Post by: gmac on September 03, 2013, 09:41:14 PM
So is there a bru'n water version for Mac?  I don't have excel for Mac.
Title: Re: Should I just give up on lagers?
Post by: morticaixavier on September 03, 2013, 09:50:42 PM
So is there a bru'n water version for Mac?  I don't have excel for Mac.

can you get open office for mac? that will open an excel spreadsheet.

Title: Re: Should I just give up on lagers?
Post by: james on September 04, 2013, 02:51:57 PM
So is there a bru'n water version for Mac?  I don't have excel for Mac.

can you get open office for mac? that will open an excel spreadsheet.

I use libreoffice and the spreadsheet works just fine for me
Title: Re: Should I just give up on lagers?
Post by: gmac on September 04, 2013, 03:29:48 PM
Since it seems to work for everyone but me, how about someone just tell me the amounts of what product to add to 5 gals of water for a basic lager profile assuming distillled water as a starting point?
Title: Re: Should I just give up on lagers?
Post by: dmtaylor on September 04, 2013, 04:06:47 PM
Off the top of my head...

For a Bohemian pilsner, you don't need any salt.  Use distilled, and adjust pH by adding about 4% acidulated malt (well, exchange it for part of the pilsner malt).

For just about any other lager, use about 1 to 1.5 teaspoons each of gypsum and calcium chloride.

For styles known for having very hard water (e.g., Dortmunder), you can probably go a little higher to 2 teaspoons each.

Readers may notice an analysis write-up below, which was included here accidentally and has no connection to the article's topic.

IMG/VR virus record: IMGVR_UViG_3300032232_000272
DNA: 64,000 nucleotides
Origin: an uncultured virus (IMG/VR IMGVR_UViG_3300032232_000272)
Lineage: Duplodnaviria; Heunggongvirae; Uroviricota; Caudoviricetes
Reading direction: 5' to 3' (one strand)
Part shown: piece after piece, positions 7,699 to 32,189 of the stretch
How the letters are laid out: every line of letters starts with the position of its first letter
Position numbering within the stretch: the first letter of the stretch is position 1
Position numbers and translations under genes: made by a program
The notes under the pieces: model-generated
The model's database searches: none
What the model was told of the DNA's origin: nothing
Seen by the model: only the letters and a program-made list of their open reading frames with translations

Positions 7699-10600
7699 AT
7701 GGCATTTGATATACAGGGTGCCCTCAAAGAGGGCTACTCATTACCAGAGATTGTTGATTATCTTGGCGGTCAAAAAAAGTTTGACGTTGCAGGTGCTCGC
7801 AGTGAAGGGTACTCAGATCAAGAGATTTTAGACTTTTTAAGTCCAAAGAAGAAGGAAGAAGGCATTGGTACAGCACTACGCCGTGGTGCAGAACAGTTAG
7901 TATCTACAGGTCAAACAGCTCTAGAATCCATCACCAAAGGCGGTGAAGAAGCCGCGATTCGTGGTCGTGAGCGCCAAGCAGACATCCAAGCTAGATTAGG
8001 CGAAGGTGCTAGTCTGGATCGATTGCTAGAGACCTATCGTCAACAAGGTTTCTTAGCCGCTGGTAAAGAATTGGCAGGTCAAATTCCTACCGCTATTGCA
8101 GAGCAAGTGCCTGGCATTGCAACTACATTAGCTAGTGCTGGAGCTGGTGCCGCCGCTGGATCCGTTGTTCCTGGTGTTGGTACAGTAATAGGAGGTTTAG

For any beer containing a reasonable degree of dark roasted malt (e.g., schwarzbier), you can optionally add about 0.5 teaspoon of baking soda.  But personally, I might not do it, and if I did I would add it to the boil, not the mash.

If you want to use any epsom salt, sprinkle it in like a tiny amount of fairy dust -- you do not need very much of it at all.  We're talking like 1/10 of a teaspoon or something like that, and this goes for any and all styles.  But I find it is optional.

That's about it, in a nutshell.
Title: Re: Should I just give up on lagers?
Post by: bluesman on September 04, 2013, 04:47:43 PM
Off the top of my head...

For a Bohemian pilsner, you don't need any salt.  Use distilled, and adjust pH by adding about 4% acidulated malt (well, exchange it for part of the pilsner malt).

For just about any other lager, use about 1 to 1.5 teaspoons each of gypsum and calcium chloride.

For styles known for having very hard water (e.g., Dortmunder), you can probably go a little higher to 2 teaspoons each.

For any beer containing a reasonable degree of dark roasted malt (e.g., schwarzbier), you can optionally add about 0.5 teaspoon of baking soda.  But personally, I might not do it, and if I did I would add it to the boil, not the mash.

If you want to use any epsom salt, sprinkle it in like a tiny amount of fairy dust -- you do not need very much of it at all.  We're talking like 1/10 of a teaspoon or something like that, and this goes for any and all styles.  But I find it is optional.

That's about it, in a nutshell.

I'll buy that, and a pint of beer. :)